We've been sitting in our surgeries recently and getting lots of questions about the flu vaccine. The roll-out happens every year, and lots of people are up-to-date with most of the general information surrounding it. Now and again we get asked questions that keep us on our toes, and we've collated these here for your interest.
First up is how long it takes to gain protection after having the vaccination. Like all vaccinations, the flu jab works by stimulating the immune system into a defence response. This does take time: the science suggests it can take 1 to 2 weeks until you are fully protected. Getting your vaccination early will ensure you are protected as soon as possible.
The flu vaccine used to be unusual in requiring yearly top-ups. The COVID-19 vaccines have changed that - it's early days but it is possible that you will be offered a COVID-19 booster and a flu jab at the same time. Can you have them both together? Yes - the experts have deemed it safe and effective to receive both at the same time.
The pneumococcal vaccine is offered as a one-off for adults with certain health conditions or those over 65. This is also fine to have at the same appointment as your flu jab, and protects against a particular type of pneumonia, meningitis and sepsis.
For any other vaccines you're considering, such as travel vaccines, your doctor, practice nurse or pharmacist will be able to advise you.
Each year the flu vaccine is made to try and target the specific strains of flu that are likely to cause trouble. Viruses constantly change and evolve, so our vaccines have to as well. On top of that, immunity can wane.
Fighting flu is a worldwide effort. As flu is active in the autumn and winter, we in the northern hemisphere share information with those countries in the southern hemisphere about active flu virus strains, as the Australians have their winter 6 months before (or, indeed, after) us here in the UK.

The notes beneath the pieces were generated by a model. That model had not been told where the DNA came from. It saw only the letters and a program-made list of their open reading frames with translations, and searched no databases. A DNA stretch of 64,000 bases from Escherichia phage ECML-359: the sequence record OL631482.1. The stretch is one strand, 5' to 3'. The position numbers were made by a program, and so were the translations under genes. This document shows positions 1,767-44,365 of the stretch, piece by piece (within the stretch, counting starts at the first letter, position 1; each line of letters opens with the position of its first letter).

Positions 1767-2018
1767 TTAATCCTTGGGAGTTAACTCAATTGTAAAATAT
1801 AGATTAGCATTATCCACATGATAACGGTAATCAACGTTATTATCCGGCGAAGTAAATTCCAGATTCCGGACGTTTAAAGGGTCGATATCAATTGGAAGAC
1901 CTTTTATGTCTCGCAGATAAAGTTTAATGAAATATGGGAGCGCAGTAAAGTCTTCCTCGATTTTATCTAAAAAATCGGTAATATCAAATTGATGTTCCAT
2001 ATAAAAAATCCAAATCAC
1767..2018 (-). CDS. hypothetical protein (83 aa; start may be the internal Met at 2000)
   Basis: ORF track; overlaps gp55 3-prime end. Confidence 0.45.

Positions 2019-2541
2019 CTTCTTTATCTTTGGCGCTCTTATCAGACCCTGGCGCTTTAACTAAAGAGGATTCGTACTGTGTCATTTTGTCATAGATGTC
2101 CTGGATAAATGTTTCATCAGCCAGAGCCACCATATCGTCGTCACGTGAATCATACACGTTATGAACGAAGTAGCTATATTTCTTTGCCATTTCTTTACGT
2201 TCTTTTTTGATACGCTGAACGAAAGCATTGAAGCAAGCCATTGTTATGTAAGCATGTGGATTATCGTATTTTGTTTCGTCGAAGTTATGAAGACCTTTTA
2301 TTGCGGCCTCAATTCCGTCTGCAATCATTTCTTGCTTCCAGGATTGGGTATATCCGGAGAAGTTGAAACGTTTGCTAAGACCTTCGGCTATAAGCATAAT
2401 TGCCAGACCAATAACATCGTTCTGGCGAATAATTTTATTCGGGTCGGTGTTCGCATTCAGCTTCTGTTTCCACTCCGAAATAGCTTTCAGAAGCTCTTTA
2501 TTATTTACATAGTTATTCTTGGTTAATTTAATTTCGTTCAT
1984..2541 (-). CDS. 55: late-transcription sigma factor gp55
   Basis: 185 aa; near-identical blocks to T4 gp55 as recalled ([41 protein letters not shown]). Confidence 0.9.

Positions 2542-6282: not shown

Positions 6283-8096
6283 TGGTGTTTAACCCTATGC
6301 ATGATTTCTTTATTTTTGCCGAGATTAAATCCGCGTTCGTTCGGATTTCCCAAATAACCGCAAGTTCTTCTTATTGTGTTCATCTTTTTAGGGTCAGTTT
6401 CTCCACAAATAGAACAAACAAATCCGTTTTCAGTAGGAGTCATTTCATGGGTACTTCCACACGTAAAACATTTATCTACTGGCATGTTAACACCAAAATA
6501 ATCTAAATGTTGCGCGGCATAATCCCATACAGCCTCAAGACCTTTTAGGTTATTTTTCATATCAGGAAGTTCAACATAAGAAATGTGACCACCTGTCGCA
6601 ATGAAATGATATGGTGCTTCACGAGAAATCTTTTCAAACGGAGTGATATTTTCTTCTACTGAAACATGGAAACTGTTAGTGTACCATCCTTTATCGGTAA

It takes 1 to 2 weeks to build protection after receiving your flu jab, then will get peak protection for that season for around 3 to 4 months. So it's worth getting your flu vaccine early enough in the season to give you maximum protection. This applies especially from December to February, the coldest months, and the time we're most likely to be cosy and warm together indoors - perfect for droplets to spread in coughs and sneezes.
Your doctor or medical practice should notify you if you are eligible for a flu vaccine and they will give you the lowdown on when and where to book. Flu vaccines are offered to those who may be vulnerable if they got pneumonia - this includes the frail or elderly, certain long-term health conditions and pregnant women. If you do not meet the criteria, you can buy one privately - they're widely available at pharmacies and other outlets.
The flu vaccine is also offered free to all children. For those aged 2 to 16, and this is a live vaccine in the form of a nasal spray, rather than a needle. School will usually arrange this if they are at school, otherwise their GP practice if under school-age. If they have certain serious health conditions, it can be offered from 6 months onwards.
Children are at particular risk of getting very unwell from the influenza virus, causing bronchitis and pneumonia, so if you are contacted by your doctor, do put it on your priority list to get this booked, or sign the consent form for school.
A common question pops up regularly regarding egg allergy. This is because some flu vaccines are made by replication in egg embryos. Ask your doctor, nurse, or pharmacist for a low-egg or egg-free vaccine.
If there are other constituents of vaccines that you have had allergic reactions to in the past, it would be best to discuss this with your doctor. It may still mean it's safe to have it, but there are other options such as having it in a more medically controlled environment.
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